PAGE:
28 March, 2019
The Employment Appeal Tribunal ("EAT") has recently ruled upon whether adverse treatment of a gay Head Teacher can constitute constructive dismissal and sexual orientation discrimination. In Tywyn Primary School v Aplin, the EAT upheld the decision of the Employment Tribunal ("ET") that a Head Teacher suffered sexual orientation discrimination and constructive dismissal refusing the School's appeal.
Mr Aplin (42) had been a teacher for 19 years, the Deputy Head since 2009, and Head Teacher with effect from 1 September 2015. He was openly gay and the governing body of the School were aware. In August 2015, he met two 17 year olds through the Grindr app. After two meetings, the three of them had sex. The matter came to the notice of the police and the Local Authority's Social Services Department and a Professional Abuse Strategy Meeting (PASM) was arranged for late August 2015. On 1 September 2015 Mr Aplin was suspended from duty and a further PASM was held on 20 October 2015. It was established the individuals he met had full capacity to consent to sex, no criminal offence had been committed and no child protection issue arose. Despite this finding, the PASM recommended that the School consider disciplinary action against Mr Aplin. An investigation was conducted to consider whether Mr Aplin's "course of conduct" brought the reputation of the School into disrepute, impacted on his ability to undertake the role of Head Teacher and/or demonstrated so gross an error of judgment as to undermine the School's confidence in him and, therefore, to call into question his continuation in the role.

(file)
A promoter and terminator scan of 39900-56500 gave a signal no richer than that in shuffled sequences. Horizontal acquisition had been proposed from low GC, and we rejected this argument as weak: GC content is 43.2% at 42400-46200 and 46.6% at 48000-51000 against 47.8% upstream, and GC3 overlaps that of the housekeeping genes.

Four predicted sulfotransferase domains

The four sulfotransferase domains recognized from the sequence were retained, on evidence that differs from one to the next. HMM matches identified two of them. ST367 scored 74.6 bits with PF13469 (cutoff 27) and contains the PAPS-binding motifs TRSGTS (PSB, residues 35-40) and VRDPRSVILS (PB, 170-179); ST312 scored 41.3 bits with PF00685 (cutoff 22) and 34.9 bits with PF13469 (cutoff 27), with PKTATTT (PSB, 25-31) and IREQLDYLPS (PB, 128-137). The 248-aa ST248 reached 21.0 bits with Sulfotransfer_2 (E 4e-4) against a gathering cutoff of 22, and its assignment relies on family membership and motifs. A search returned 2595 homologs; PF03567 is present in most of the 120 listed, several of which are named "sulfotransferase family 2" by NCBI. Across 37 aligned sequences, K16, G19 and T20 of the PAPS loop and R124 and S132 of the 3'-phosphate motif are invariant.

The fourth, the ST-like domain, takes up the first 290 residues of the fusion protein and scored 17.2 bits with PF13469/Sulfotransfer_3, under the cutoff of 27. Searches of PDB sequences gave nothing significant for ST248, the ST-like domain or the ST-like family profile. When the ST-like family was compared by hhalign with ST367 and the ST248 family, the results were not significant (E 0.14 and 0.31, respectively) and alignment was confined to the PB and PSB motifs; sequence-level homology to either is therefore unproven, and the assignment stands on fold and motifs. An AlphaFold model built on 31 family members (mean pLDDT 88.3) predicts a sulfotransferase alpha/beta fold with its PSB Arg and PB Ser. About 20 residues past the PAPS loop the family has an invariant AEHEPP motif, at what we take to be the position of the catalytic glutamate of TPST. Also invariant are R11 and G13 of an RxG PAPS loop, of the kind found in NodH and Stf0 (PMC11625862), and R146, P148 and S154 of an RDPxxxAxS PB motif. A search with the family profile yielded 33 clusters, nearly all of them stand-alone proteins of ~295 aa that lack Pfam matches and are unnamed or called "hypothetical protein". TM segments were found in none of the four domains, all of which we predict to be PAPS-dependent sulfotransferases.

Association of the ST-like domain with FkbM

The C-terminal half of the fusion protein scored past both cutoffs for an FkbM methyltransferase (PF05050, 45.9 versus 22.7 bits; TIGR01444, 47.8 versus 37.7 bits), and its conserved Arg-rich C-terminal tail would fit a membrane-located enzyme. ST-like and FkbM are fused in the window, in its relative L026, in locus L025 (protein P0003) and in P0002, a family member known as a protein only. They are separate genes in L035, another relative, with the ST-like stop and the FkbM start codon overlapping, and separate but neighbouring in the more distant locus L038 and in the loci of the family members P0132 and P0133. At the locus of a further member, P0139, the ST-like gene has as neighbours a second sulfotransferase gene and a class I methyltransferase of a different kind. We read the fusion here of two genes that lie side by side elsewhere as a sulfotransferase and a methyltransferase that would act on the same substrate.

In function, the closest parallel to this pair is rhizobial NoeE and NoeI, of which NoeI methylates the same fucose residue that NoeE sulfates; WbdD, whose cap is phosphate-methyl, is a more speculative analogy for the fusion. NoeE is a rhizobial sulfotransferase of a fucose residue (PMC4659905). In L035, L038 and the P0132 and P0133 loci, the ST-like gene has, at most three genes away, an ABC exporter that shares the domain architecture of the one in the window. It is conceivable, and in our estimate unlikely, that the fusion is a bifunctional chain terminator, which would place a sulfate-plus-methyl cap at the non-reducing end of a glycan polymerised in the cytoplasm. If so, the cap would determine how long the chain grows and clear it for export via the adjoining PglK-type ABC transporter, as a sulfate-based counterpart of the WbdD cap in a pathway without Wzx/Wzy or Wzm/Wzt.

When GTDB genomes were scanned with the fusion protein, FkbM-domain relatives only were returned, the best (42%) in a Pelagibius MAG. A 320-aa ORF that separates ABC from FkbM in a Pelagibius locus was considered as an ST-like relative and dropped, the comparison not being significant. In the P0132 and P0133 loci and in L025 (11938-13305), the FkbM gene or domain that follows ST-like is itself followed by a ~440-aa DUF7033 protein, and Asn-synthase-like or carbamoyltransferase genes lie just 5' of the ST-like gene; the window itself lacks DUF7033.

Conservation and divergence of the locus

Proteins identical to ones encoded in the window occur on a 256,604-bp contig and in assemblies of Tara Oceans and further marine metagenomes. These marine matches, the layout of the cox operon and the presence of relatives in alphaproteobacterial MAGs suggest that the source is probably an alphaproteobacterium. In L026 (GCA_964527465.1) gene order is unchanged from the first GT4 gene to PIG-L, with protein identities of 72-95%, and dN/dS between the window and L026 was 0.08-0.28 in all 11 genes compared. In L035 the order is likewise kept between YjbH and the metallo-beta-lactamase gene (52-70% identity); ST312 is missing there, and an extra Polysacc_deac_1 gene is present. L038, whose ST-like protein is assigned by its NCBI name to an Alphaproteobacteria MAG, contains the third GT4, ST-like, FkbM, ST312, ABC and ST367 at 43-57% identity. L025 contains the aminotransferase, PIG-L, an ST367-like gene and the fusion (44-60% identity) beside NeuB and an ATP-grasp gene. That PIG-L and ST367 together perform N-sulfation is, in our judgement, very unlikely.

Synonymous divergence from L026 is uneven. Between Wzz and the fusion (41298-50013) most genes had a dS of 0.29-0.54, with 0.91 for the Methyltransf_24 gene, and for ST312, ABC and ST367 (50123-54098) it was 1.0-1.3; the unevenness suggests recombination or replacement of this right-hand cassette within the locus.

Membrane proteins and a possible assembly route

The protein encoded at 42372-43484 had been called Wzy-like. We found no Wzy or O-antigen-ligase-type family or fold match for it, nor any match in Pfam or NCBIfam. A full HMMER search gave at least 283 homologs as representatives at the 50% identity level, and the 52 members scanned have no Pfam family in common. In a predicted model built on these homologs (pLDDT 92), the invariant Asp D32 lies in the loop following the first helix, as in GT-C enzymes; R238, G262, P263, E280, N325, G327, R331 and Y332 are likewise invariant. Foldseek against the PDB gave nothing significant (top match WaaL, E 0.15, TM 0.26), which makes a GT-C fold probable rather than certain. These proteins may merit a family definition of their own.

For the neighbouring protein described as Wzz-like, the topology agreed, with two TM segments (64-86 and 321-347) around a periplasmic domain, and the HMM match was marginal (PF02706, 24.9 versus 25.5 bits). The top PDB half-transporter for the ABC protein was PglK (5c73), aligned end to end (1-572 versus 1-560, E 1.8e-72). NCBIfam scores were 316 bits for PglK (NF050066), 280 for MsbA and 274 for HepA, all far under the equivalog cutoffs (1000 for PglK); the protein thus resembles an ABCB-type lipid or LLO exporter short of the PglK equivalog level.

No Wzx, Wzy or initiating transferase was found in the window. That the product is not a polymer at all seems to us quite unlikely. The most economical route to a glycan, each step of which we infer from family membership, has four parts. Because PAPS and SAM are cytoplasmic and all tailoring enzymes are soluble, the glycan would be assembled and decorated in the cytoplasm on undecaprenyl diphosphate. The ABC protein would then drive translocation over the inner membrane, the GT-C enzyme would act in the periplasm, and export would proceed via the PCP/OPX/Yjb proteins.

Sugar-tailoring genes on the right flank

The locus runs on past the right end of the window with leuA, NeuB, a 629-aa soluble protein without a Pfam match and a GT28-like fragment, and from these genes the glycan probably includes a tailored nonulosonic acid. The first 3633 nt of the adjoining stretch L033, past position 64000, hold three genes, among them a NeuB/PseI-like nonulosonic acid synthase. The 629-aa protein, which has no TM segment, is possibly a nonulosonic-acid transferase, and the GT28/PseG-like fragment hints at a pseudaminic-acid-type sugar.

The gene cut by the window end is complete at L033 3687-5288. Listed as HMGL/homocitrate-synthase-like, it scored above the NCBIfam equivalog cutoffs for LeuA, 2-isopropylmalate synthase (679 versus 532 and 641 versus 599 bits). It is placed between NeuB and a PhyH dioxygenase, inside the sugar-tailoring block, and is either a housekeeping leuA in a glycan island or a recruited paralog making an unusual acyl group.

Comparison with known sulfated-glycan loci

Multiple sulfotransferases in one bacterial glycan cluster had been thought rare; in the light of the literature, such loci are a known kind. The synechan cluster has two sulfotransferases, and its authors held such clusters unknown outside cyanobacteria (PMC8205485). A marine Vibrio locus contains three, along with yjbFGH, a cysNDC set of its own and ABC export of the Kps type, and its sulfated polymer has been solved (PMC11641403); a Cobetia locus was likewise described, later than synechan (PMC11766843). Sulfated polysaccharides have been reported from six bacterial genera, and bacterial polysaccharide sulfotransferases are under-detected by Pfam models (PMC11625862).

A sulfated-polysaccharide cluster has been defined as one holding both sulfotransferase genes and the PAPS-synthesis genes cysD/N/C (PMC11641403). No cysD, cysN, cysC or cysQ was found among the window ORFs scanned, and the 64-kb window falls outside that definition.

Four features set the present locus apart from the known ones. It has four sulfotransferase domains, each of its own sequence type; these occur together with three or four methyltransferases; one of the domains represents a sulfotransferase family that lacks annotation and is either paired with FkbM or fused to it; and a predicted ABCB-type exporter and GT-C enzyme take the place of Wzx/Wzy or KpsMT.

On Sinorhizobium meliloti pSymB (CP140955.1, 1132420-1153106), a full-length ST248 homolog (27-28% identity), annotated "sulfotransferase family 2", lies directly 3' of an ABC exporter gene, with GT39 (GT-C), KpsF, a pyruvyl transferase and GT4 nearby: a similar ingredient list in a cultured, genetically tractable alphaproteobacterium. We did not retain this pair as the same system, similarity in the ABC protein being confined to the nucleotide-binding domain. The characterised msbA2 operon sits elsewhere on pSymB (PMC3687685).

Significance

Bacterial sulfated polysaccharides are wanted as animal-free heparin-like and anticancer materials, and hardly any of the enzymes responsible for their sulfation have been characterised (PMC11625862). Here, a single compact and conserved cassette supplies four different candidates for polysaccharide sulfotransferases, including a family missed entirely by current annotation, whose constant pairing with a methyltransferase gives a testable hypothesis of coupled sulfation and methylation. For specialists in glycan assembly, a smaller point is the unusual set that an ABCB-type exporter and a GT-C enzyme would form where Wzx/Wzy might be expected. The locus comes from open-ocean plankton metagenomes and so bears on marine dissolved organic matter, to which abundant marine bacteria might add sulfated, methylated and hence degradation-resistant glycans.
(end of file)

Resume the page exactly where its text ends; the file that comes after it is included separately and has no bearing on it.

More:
A disciplinary hearing took place on 17 May 2016. Despite requests, he was not supplied with the PASM minutes or the police material. Following the hearing, Mr Aplin was dismissed on the basis that although his actions were not a breach of the criminal law, his inability to consider the potential impact on the reputation of the school called into question his judgment as to undermine the necessary trust and confidence in him. Following what Mr Aplin perceived to be an inadequate appeal process he resigned and issued a claim at the ET.
The investigation report was heavily criticised by the ET for approaching the case on the basis that Mr Aplin was a potential danger to children, and for drawing selectively on the PASM minutes and police material which were not made available to Mr Aplin. There were also factual and objectivity concerns, and it was criticised for being laden with value judgments and conclusions which were hostile to Mr Aplin. The ET also identified other failings in the disciplinary procedure which the ET found breached the implied term of trust and confidence in Mr Aplin's contract of employment. The launch of an appeal by Mr Alpin was considered an affirmation of his employment contract, and the handling of the appeal also amounted to further breach of the implied term which entitled Mr Aplin to resign and claim constructive dismissal. Mr Aplin's claim that he had been subjected to direct discrimination under section 13 of the Equality Act 2010 was also successful.
The School appealed the findings at the EAT. On the constructive dismissal point, the EAT held that the ET was wrong to find that bringing the appeal gave rise to an affirmation of the employment contract. Instead, Mr Alpin was giving the School an opportunity to remedy the breaches. The finding of discrimination was upheld as there were sufficient facts from which an inference of discrimination could be drawn. The investigating officer had not given an adequate alternative explanation for his conduct and the finding of discrimination was accordingly upheld.
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